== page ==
The Power Of Fables

Can diplomatic dignity To simple fables condescend? Can I your famed benignity Invoke, my muse an ear to lend? If once she dares a high intent, Will you esteem her impudent?

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Jean de La Fontaine Fables - Book 8 - Fable 4Can diplomatic dignity
To simple fables condescend?
Can I your famed benignity
Invoke, my muse an ear to lend?
If once she dares a high intent,
Will you esteem her impudent?
Your cares are weightier, indeed,
Than listening to the sage debates
Of rabbit or of weasel states:
So, as it pleases, burn or read;
But save us from the woful harms
Of Europe roused in hostile arms.
That from a thousand other places
Our enemies should show their faces,
May well be granted with a smile,
But not that England’s Isle
Our friendly kings should set
Their fatal blades to whet.
Comes not the time for Louis to repose?
What Hercules, against these hydra foes,
Would not grow weary? Must new heads oppose
His ever-waxing energy of blows?
Now, if your gentle, soul-persuasive powers,
As sweet as mighty in this world of ours,
Can soften hearts, and lull this war to sleep,
I’ll pile your altars with a hundred sheep;
And this is not a small affair
For a Parnassian mountaineer.
Meantime, (if you have time to spare,)
Accept a little incense-cheer.
A homely, but an ardent prayer,
And tale in verse, I give you here.
I’ll only say, the theme is fit for you.
With praise, which envy must confess
To worth like yours is justly due,
No man on earth needs propping less.
In Athens, once, that city fickle,
An orator, awake to feel
His country in a dangerous pickle,
Would sway the proud republic’s heart,
Discoursing of the common weal,
As taught by his tyrannic art.
The people listened—not a word.
Meanwhile the orator recurred
To bolder tropes—enough to rouse
The dullest blocks that ever did drowse;
He clothed in life the very dead,
And thundered all that could be said.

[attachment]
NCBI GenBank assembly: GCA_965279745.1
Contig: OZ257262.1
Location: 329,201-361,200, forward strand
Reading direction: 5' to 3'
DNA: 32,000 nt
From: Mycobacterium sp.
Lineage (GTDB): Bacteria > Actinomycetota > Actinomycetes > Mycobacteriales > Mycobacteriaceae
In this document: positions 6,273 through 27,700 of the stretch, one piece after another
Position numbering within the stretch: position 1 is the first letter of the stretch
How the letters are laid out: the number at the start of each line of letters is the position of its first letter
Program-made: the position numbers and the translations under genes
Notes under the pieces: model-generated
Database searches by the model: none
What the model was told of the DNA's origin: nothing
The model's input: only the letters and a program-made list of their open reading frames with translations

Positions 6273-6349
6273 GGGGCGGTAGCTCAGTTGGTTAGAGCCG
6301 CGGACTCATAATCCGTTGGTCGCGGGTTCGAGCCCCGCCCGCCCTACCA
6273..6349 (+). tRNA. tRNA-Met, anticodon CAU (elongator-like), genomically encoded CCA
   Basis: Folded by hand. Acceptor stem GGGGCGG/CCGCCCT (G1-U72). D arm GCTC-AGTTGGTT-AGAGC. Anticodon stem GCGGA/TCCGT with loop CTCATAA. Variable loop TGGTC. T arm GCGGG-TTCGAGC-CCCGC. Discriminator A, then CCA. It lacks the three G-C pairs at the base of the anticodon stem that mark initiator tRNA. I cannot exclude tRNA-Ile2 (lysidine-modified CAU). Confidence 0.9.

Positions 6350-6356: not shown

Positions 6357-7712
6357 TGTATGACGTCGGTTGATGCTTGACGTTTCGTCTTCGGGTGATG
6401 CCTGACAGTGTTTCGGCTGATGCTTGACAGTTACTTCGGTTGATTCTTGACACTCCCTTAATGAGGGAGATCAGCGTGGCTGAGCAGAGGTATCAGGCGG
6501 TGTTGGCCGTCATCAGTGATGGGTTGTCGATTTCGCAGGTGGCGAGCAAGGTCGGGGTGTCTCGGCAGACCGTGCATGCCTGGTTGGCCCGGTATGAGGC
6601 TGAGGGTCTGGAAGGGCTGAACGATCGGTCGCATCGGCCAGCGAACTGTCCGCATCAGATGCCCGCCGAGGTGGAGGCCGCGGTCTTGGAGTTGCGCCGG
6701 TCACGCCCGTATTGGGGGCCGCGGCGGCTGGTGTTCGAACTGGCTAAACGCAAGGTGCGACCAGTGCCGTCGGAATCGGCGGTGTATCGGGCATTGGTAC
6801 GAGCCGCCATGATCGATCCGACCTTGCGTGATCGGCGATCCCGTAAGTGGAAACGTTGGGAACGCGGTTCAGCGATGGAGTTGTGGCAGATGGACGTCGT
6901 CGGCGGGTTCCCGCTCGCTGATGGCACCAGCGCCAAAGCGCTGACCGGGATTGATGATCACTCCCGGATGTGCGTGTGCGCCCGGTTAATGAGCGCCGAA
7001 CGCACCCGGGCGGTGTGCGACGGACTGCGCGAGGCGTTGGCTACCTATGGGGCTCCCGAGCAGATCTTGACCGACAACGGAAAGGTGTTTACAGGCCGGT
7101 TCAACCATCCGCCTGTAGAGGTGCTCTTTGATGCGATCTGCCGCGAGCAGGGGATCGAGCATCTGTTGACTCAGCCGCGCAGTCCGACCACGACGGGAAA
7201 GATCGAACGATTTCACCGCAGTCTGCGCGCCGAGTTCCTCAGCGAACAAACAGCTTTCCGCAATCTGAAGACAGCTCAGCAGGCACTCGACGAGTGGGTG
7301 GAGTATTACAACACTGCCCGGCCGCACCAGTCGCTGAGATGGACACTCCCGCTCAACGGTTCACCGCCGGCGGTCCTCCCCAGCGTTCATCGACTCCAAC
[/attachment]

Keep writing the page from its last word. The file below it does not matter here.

The wind received his breath,
As to the ear of death.
That beast of many heads and light,
The crowd, accustomed to the sound
Was all intent on a sight—
A brace of lads in mimic fight.
A new resource the speaker found.
“Ceres,” in lower tone said he,
“Went forth her harvest fields to see:
An eel, as such a fish might he,
And swallow, were her company.
A river checked the travellers three.
Two crossed it soon without ado;
The smooth eel swam, the swallow flew.—”
Outcried the crowd
With voices loud—
“And Ceres—what did she?”
“Why, what she pleased; but first
Yourselves she justly cursed—
A people puzzling aye your brains
With children’s tales and children’s play,
While Greece puts on her steel array,
To save her limbs from, tyrant chains!
Why ask you not what Philip does?”
At this reproach the idle buzz
Fell to the silence of the grave,
Or moonstruck sea without a wave,
And every eye and ear awoke
To drink the words the patriot spoke.
This feather stick in Fable’s cap.
We’re all Athenians, mayhap;
And I, for one, confess the sin;
For, while I write this moral here,
If one should tell that tale so queer
Ycleped, I think, “The Ass’s Skin,”
I should not mind my work a pin.
The world is old, they say; I don’t deny it;—
But, infant still
In taste and will,
Whoever would teach, must gratify it.

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The Power Of Fables by Jean de La Fontaine’s Fables in Book 8

Jean de La Fontaine
Jean de La Fontaine (8 September 1621 – 13 April 1695) was a French fabulist and one of the most widely read French poets of the 17th century. He is known above all for his Fables, which provided a model for subsequent fabulists across Europe and numerous alternative versions in France, and in French regional languages.
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